Choosing a Blogging Platform

 Choosing a blogging platform

 

When choosing a blogging platform there are a few things to consider: Free or paid? Simple or robust? Small learning curve or big learning curve? It really depends on what you’re looking for. Do you want a blogging platform that’s simple to learn, free to use and easy to share what you’ve got to share? Or do you want a blogging platform that you’ve paid for, a drag and drop interface with customer support? Do you want the ultimate in content management software with a big learning curve, but ultimately an awesome looking website? It all depends on what you’re looking for.

There are so many blogging platforms to choose from. It can really be overwhelming at the beginning. I’m gonna break down the pros and cons for some of the most popular blogging platforms. This is not an extensive list of pros and cons, but more of a jumping off point. You can probably decide what you definitely don’t want in a blogging platform from this post. Okay, let’s get started with choosing a blogging platform!

Free blogging platforms

     Using a free blogging platform is a great way to get started especially if  you’re unsure about blogging or just trying it out for the first time. When it comes to being flexible and expandable, free platforms can be limiting. With free platforms you don’t really own the blog, the host owns it. Ultimately, they could delete your blog because of all sorts of reasons, but it’s definitely an element that could happen. Is it likely, probably not, but it’s a possibility. Usually, they don’t want their platforms to be used for making money. You’ll have to check the terms of use. It can be difficult to move your blog to a hosted site later on.

Blogger

     Blogger is run by Google and is a great platform for a hobby blogger that doesn’t want to invest too much into it. It’s a great platform to test the waters and maybe after a few months to see if investing more is what you want to do.
Cost: Free
Pros
     User-friendly and easy to get started
     You can use a domain name if you have one
     Free hosting
Cons
     Limited capabilities – to change the look a lot, HTML and CSS is needed
     If you don’t have a domain name, you’re stuck with the blogspot.com subdomain
    Google owns it. If they shut it down, you’re out of luck
    Not meant for very powerful sites

WordPress.com

There are two kinds of WordPress sites- wordpress.com and wordpress.org. They can get easily confused when starting out. WordPress.com used to be completely free, now they have updated to having optional add-ons for a fee. Even with the paid add-ons, it’s still not as robust as using a self-hosted WordPress.org.
Cost: Free + Paid Add-ons
Pros
     Easy to setup
     You can try out a limited version of the WordPress CMS for free
     Maintenance is taken care of by WordPress.co
     Simple customization is available
Cons
     No ads allowed
     Customization is limited – no plugins, limited themes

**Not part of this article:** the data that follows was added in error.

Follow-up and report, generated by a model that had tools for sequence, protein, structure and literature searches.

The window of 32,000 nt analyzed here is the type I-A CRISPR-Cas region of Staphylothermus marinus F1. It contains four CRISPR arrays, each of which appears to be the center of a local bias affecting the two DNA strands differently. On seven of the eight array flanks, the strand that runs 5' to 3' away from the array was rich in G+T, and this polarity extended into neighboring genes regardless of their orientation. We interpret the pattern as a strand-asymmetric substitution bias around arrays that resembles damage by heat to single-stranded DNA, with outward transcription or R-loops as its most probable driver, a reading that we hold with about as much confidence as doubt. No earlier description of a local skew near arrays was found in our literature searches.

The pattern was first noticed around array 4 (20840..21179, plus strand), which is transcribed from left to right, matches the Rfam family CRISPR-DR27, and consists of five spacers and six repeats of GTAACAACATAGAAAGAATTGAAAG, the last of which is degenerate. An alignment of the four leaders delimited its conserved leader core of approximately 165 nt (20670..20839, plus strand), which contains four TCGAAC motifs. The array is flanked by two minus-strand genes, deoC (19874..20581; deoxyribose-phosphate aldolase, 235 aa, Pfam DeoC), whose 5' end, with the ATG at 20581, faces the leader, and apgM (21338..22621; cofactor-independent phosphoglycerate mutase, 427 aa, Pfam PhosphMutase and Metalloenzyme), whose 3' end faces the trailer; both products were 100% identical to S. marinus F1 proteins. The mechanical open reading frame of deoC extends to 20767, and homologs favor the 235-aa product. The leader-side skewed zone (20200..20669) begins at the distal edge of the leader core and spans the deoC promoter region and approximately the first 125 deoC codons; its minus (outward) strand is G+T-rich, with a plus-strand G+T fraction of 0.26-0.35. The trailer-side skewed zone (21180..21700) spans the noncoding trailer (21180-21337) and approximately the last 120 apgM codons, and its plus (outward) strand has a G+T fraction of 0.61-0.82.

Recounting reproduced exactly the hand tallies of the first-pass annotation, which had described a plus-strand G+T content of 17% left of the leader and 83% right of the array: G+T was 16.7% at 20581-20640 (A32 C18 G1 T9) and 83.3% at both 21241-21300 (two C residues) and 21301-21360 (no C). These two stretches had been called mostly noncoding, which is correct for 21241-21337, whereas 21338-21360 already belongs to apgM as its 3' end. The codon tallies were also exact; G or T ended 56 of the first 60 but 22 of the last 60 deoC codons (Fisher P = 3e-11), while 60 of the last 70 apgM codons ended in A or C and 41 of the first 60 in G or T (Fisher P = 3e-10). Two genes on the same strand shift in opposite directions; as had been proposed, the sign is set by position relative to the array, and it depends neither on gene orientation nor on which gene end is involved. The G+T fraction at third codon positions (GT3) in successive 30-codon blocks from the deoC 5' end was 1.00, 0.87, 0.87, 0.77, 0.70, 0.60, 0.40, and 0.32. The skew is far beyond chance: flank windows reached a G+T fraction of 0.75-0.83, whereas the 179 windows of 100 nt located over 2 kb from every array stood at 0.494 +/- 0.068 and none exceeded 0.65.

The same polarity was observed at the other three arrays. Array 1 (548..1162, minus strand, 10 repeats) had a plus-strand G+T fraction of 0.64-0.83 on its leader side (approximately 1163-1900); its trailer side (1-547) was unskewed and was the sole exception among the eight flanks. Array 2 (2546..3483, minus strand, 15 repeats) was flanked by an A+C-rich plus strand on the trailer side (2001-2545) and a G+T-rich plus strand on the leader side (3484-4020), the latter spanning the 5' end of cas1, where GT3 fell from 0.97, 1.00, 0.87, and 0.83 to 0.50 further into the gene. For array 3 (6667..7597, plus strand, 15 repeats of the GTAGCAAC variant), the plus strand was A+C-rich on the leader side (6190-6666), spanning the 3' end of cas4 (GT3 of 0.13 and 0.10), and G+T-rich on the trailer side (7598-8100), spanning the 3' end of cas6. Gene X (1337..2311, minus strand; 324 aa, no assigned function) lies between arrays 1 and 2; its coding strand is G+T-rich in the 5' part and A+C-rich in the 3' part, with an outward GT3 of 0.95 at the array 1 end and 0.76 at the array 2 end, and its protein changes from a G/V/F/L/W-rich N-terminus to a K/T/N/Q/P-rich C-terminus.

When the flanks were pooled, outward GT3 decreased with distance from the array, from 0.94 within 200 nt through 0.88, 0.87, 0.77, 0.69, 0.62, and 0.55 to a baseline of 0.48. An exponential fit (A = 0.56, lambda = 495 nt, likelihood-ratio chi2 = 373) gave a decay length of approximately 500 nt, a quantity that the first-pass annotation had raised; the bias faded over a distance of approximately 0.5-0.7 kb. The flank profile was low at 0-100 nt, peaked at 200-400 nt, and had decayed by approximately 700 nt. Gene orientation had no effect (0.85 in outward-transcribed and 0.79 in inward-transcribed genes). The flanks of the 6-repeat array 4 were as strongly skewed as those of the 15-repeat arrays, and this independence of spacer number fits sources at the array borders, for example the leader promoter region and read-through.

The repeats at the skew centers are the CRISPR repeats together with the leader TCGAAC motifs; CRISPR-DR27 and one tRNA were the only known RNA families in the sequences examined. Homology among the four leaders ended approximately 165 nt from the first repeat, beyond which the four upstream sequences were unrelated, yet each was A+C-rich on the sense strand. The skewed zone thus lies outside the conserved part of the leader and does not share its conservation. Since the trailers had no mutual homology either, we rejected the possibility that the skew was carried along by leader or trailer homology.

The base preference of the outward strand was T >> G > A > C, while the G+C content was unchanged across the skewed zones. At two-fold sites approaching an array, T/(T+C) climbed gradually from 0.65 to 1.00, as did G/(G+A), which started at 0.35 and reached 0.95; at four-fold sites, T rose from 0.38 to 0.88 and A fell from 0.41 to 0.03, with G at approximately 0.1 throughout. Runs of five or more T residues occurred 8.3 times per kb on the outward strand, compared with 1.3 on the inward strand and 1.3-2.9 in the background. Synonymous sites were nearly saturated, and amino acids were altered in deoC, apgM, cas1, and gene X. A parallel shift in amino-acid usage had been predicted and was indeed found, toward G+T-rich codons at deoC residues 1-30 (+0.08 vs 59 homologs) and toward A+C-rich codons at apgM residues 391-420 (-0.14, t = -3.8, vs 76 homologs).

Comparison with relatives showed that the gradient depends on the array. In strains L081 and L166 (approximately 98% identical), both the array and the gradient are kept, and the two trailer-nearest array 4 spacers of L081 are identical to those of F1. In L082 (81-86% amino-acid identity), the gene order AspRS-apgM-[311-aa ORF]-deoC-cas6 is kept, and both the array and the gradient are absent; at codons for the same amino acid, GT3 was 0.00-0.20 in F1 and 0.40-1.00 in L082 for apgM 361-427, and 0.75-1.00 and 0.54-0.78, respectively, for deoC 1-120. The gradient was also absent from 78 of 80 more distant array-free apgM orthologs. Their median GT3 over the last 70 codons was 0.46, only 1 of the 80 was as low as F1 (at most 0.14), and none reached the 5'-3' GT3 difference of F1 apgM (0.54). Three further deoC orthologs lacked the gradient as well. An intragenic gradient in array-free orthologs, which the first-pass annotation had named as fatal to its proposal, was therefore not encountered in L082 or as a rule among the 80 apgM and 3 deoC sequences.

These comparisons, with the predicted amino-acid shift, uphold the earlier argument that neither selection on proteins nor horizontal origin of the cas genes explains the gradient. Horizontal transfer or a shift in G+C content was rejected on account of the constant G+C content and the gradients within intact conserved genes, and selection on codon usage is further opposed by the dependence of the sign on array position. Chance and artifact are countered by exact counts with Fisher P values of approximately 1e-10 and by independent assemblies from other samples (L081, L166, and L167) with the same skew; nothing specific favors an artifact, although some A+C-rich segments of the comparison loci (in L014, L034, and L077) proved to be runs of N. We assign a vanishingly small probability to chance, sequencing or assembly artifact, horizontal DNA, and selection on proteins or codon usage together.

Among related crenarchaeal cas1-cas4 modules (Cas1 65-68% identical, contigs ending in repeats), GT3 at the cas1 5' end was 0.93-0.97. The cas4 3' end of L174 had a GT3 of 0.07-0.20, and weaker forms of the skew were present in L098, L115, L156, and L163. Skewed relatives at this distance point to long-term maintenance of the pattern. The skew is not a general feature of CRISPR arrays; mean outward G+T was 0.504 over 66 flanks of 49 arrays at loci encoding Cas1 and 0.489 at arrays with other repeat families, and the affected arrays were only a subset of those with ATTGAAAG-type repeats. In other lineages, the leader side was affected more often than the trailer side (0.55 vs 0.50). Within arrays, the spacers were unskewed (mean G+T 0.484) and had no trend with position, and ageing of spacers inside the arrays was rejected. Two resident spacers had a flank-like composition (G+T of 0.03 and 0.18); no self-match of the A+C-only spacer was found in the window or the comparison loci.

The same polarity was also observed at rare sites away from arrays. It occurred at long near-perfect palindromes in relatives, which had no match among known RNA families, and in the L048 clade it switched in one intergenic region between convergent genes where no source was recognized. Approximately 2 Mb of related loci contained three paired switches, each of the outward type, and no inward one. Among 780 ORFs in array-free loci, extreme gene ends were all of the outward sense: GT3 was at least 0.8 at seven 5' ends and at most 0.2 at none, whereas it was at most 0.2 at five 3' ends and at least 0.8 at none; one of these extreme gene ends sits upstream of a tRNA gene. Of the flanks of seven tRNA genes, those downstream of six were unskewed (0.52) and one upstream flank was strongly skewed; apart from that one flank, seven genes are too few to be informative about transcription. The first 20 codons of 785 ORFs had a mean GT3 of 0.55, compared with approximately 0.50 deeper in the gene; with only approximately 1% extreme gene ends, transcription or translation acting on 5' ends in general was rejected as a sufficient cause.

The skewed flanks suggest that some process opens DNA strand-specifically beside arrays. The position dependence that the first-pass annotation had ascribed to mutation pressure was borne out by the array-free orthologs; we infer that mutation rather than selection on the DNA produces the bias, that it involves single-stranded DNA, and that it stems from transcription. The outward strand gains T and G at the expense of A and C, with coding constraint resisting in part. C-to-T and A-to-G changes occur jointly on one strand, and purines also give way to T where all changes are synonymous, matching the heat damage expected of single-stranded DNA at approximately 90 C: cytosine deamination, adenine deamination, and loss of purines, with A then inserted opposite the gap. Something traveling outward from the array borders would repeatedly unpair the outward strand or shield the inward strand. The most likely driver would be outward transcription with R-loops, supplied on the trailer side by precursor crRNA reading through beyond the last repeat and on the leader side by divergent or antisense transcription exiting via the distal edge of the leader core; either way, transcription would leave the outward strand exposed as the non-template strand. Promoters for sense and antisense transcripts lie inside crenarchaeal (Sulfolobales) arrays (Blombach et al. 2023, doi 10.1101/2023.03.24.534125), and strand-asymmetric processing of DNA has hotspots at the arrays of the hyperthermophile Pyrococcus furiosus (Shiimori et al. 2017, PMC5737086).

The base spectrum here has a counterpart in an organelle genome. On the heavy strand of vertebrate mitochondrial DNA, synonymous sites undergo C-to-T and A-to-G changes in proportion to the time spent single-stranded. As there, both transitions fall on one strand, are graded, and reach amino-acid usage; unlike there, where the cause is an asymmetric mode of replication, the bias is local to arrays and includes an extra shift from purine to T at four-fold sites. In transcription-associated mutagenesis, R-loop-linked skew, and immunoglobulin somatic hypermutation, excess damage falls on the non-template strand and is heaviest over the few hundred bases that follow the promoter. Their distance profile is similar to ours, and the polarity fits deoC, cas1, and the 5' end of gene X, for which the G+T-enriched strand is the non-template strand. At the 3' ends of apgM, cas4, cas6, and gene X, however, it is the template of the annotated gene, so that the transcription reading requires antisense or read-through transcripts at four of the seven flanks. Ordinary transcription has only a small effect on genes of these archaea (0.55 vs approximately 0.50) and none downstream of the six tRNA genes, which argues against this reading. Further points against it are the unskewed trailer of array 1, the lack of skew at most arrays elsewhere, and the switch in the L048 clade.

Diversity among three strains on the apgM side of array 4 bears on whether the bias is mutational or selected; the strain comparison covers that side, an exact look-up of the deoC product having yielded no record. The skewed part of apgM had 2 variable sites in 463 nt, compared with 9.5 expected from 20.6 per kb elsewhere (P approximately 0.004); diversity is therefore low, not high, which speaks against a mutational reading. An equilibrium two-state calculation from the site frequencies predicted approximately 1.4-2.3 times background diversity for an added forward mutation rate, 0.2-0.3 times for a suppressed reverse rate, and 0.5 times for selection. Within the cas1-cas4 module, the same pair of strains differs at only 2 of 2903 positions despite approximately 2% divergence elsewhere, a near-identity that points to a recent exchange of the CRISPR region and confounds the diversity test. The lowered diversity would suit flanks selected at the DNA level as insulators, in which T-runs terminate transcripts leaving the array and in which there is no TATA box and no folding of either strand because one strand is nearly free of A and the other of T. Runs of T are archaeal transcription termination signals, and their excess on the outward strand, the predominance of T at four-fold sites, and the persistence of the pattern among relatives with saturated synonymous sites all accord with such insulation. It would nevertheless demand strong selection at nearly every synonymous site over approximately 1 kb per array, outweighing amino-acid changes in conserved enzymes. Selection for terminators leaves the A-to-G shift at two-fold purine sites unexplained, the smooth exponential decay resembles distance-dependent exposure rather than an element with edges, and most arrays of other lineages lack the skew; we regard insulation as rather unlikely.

Not optimized for search engines
     To use premium features, you will have to pay

Paid blogging platforms

With paid blogging platforms there is more versatility, flexibility and the options for design are endless. Some paid platforms come with varying degrees of support. You own publication of your blog and are able to make money without any penalties.

SquareSpace

Squarespace is the new kid on the blog block. It has a very easy to use drop and drag system.
Cost: varies from $5/month to $70/month
Pros
     User-friendly – drag and drop interface is easy to use
     Fast, 24/7 Support
     All Inclusive (domain name and hosting are including in fee)
     Responsive, beautiful, professional themes to choose from
     Offers Student Discount
     Provides SEO
     Easily integrated e-commerce store
Cons
     No apps, extensions or plugins
     Limited theme options
     It’s not fully customizable

WordPress.org

WordPress.org is a self-hosted platform. This requires it to be hosted on a web server that’s paid for either monthly or yearly. WordPress.org is a free and open source, which means everyone can contribute to making it better through free or premium, i.e. paid plugins. Checking the ratings and getting plugin recommendations is a great way to find good plugins. Plugins make WordPress.org robust and versatile.
Cost: $3/month to $200/month (bluehost, hostgator, eleven2)
Pros
     Customizable with plugins, widgets, themes, and HTML/CSS
     Compatible with lots of programs
     A very robust content management software (CMS)
     Monetization is available
Cons
    Updates and finding support are your responsibility
    Big learning curve if you’re not very techy
    Hosting costs can vary
     I use wordpress.org to run this site. There will be times on this blog when I make wordpress.org specific suggestions and have posts dedicated to WordPress only features. The plugins that come with WordPress make it a very robust CMS to use and I love the ease of the dashboard and options available. I enjoy it very much and that’s why I use it. I try to learn new things about WordPress to help me grow as a developer as well. I’ve been using it for years, but there is a bit of a learning curve when you’re starting out.
Also, I wanted to share a few blog posts about choosing a blogging platform, so you can see what other people have chosen to use.
Chantal tells us why to use WordPress.
Jessica explains choosing your blogging platform and shares 5 platforms options.
Ultimately, when choosing a blogging platform, the best platform is the platform that you will use. It’s that simple.
What blogging platform do you use? I’d love to know, please share with us in the comments.
P.S. Sign up for my weekly newsletter about blogging and business. I send it out every Monday.

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